Red Bull has no choice but to lay down the law to Sebastian Vettel over his team orders defiance at the Malaysian Grand Prix, say rival team bosses.
As the fallout from Vettel disregarding Red Bull's 'Multi 21' team order so he could beat Mark Webber continues, the squad issued a short statement on Monday night.
"It's worth noting that this is not an entirely new situation for us," said the statement.
"Each incident has been managed in our own way behind closed doors and this will be no different."
|RED BULL TEAM ORDERS CONTROVERSY|
|Red Bull plans further talks with Vettel|
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|Vettel apologises to Webber|
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As Red Bull prepares to deal with the situation internally, Lotus boss Eric Boullier and McLaren chief Martin Whitmarsh both think that the team's management must show its driver who is in charge.
Speaking about what he would do in the event of a driver breaking team orders, Whitmarsh said: "You don't have a choice, you have to sit down and deal with it.
"The driver is putting himself presumably in breach of contract and the team is bigger than any driver, isn't it? At any team.
"With a team having 600-700 people in it, you have really got to remind them. But drivers are competitive things, and it is a challenge."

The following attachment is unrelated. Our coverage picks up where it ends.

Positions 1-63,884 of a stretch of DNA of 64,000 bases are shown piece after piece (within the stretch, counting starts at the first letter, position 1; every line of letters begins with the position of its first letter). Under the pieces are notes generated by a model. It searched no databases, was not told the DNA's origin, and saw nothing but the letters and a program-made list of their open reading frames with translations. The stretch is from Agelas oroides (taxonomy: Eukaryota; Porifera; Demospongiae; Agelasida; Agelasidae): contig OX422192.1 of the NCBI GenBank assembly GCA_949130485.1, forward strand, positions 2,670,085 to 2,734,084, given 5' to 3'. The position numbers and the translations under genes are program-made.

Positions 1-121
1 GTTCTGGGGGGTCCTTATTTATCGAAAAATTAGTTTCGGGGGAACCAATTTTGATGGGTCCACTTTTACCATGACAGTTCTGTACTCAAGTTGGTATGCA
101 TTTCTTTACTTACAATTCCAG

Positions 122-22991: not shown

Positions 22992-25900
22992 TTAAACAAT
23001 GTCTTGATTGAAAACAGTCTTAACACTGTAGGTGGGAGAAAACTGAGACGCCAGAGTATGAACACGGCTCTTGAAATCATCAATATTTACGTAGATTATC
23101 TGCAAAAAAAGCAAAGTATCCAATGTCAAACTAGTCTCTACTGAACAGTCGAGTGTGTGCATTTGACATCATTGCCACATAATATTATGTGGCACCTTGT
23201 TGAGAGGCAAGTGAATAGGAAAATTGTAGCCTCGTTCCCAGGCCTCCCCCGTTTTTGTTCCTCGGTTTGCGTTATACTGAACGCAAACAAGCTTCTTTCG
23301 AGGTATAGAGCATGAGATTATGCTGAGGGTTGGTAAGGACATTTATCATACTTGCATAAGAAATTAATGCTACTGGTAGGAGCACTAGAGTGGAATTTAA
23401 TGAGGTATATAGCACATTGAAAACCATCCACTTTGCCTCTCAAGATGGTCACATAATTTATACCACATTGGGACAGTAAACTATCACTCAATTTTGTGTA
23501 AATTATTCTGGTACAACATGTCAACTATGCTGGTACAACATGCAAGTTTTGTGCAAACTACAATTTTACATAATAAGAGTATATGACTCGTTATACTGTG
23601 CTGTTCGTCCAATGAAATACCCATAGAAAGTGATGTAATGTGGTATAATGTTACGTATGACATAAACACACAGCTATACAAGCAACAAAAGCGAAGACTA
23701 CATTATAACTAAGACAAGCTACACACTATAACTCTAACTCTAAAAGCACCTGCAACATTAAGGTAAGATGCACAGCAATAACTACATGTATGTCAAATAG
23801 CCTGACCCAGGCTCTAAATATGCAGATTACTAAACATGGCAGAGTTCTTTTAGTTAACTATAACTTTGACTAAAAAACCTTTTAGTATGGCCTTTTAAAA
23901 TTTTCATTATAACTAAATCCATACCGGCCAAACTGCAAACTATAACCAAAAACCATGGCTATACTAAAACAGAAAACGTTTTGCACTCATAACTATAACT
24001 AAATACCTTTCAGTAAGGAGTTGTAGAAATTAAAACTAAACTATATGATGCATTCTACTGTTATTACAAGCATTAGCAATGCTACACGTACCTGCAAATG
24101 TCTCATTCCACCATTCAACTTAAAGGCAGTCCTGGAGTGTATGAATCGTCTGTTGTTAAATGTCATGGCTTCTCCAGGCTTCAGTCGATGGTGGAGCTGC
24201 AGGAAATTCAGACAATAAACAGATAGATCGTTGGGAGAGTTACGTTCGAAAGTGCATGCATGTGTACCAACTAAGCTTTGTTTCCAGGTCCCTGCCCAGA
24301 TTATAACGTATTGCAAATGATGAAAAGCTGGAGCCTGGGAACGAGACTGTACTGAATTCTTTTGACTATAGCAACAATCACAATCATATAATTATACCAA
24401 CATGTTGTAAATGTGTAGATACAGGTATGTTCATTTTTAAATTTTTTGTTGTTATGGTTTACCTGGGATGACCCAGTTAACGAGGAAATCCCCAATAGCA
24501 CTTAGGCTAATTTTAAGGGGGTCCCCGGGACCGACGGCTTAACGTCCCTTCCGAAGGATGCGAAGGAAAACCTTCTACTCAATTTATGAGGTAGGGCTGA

Boullier said: "I don't know the whole story but it looks like with Red Bull in the past, Vettel already had some favours compared to Mark.
"It is not easy - but then you have to sit down with the people. The team was thinking about the constructors' championship, which is why they asked Webber and Vettel to keep their positions.
"So they need to have a proper discussion about the reasons behind it.
"Obviously I understand Seb wants to win, just like Mark, but perhaps already he is thinking about the championship - because he knows it is going to be tough.
"But as a team principal, except if you favour one driver clearly, you always need to do what is best for the team."
McLAREN'S 2007 EXPERIENCE
Whitmarsh said the handling of team orders in F1 was a difficult one, and he accepts that his outfit's decision not to favour either Lewis Hamilton or Fernando Alonso in 2007 cost it a world championship.
"It is very easy for me to get pious that we don't do it, and condemn others - but I don't want to do that," he said.
"Anyone can turn around to us and say in 2007 you threw away a championship: you didn't give team orders, you could have favoured either driver and they would have been world champion.
"That is the truth, but it doesn't feel right that we could have sat arbitrarily in an office in Woking and said: 'right, we are going to have Alonso as a world champion or Lewis as a world champion'.
"There is a part of me that says, 'bugger we should have had the championship', but overall I don't feel right about it.
"If I was in the same situation I hope I would do the same again."